Call for minimum alcohol pricing

Hillingdon Times: Minimum per-unit alcohol pricing could help problem drinkers, say doctors. Minimum per-unit alcohol pricing could help problem drinkers, say doctors.

Failure to introduce a minimum price for a unit of alcohol in England and Wales is "damaging the most vulnerable in society", leading doctors have said.

The introduction of a minimum price could have "far-reaching benefits", the Royal College of Physicians (RCP) said.

The RCP said a lcohol-related deaths and hospital admissions are still rising but alcohol policy "appears to have been derogated to the regions".

In October, David Cameron insisted he has not given up on the idea of setting a minimum per-unit price for alcohol despite shelving the policy in the summer.

The measure was left out of the Government's plans to combat problem drinking in July, despite having been vocally championed by the Prime Minister.

It sparked claims that he had been influenced by his party's election strategist, Australian lobbyist Lynton Crosby, whose firm is reported to have represented drinks giants.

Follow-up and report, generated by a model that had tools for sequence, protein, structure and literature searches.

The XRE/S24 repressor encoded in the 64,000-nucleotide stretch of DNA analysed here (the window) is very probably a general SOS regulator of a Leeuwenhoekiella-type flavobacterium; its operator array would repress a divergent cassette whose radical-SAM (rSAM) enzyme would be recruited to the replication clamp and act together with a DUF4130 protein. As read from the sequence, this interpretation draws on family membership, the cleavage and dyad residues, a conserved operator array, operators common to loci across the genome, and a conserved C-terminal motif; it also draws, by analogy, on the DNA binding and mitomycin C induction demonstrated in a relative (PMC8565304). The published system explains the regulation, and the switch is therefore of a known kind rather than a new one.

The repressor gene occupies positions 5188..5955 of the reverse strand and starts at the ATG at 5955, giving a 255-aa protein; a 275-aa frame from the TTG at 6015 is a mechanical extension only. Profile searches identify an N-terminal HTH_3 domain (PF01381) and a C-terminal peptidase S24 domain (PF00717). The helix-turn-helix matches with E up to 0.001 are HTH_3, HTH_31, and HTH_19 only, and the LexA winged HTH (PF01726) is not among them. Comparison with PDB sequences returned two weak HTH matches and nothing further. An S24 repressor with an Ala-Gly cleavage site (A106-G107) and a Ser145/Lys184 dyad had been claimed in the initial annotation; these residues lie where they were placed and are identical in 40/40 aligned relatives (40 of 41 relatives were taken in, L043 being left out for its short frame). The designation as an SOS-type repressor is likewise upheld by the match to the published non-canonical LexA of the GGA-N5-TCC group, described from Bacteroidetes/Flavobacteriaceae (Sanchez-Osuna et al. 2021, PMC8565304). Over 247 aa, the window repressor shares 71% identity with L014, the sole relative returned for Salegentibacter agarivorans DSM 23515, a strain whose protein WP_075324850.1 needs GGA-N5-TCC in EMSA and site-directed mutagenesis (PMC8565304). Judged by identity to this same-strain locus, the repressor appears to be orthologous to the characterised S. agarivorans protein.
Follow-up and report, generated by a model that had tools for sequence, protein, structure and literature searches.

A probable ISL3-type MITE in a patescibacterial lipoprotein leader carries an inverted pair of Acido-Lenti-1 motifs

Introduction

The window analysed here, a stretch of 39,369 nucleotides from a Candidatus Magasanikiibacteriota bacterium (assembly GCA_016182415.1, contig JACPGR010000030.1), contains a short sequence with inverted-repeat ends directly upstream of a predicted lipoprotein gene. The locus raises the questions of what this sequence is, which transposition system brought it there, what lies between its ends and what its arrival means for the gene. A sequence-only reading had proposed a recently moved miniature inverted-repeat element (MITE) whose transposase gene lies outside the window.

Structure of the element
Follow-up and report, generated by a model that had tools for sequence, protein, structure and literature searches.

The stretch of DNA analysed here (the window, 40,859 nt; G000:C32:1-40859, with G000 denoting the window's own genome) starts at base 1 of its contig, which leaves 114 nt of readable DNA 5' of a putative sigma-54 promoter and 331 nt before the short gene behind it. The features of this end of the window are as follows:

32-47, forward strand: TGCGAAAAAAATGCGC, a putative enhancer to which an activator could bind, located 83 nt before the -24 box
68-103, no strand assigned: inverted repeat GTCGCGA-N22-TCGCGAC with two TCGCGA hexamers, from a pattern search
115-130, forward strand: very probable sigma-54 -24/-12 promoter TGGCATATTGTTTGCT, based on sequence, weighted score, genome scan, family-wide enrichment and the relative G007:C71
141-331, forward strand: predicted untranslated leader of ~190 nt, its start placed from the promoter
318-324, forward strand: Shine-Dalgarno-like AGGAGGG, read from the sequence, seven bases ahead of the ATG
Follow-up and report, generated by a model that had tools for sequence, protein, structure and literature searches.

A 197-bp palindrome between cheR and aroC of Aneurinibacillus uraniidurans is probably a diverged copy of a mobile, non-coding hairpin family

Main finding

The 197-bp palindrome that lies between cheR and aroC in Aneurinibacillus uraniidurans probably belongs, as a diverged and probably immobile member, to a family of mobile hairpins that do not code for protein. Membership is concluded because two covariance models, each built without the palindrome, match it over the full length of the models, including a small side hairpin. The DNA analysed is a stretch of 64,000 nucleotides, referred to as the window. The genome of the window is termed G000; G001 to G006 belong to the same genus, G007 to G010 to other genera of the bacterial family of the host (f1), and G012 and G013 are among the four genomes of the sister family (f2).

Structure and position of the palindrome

Speaking ahead of an RCP conference on the harms of alcohol, Professor Sir Ian Gilmore, the RCP's special adviser on alcohol, said that a minimum price per unit would not disadvantage moderate drinkers

The conference, which is also being hosted by the British Society of Gastroenterology and the British Association for the Study of the Liver, will outline the benefits of introducing such a policy.

Sir Ian, who is also president of the British Society of Gastroenterology, said: "There is accumulating evidence that UK Government's failure to implement an evidence-based alcohol strategy is damaging the most vulnerable in society.

"Individuals, families and communities are suffering harms that could be reversed by policies like a minimum unit price, which do not disadvantage moderate drinkers but have far-reaching benefits for those that suffer most."

Dr Mark Hudson, p resident of the British Association for the Study of the Liver, said: " The evidence suggests that minimum unit pricing works and this would be the most practical way of reducing heavy alcohol consumption and reducing alcohol-related deaths."

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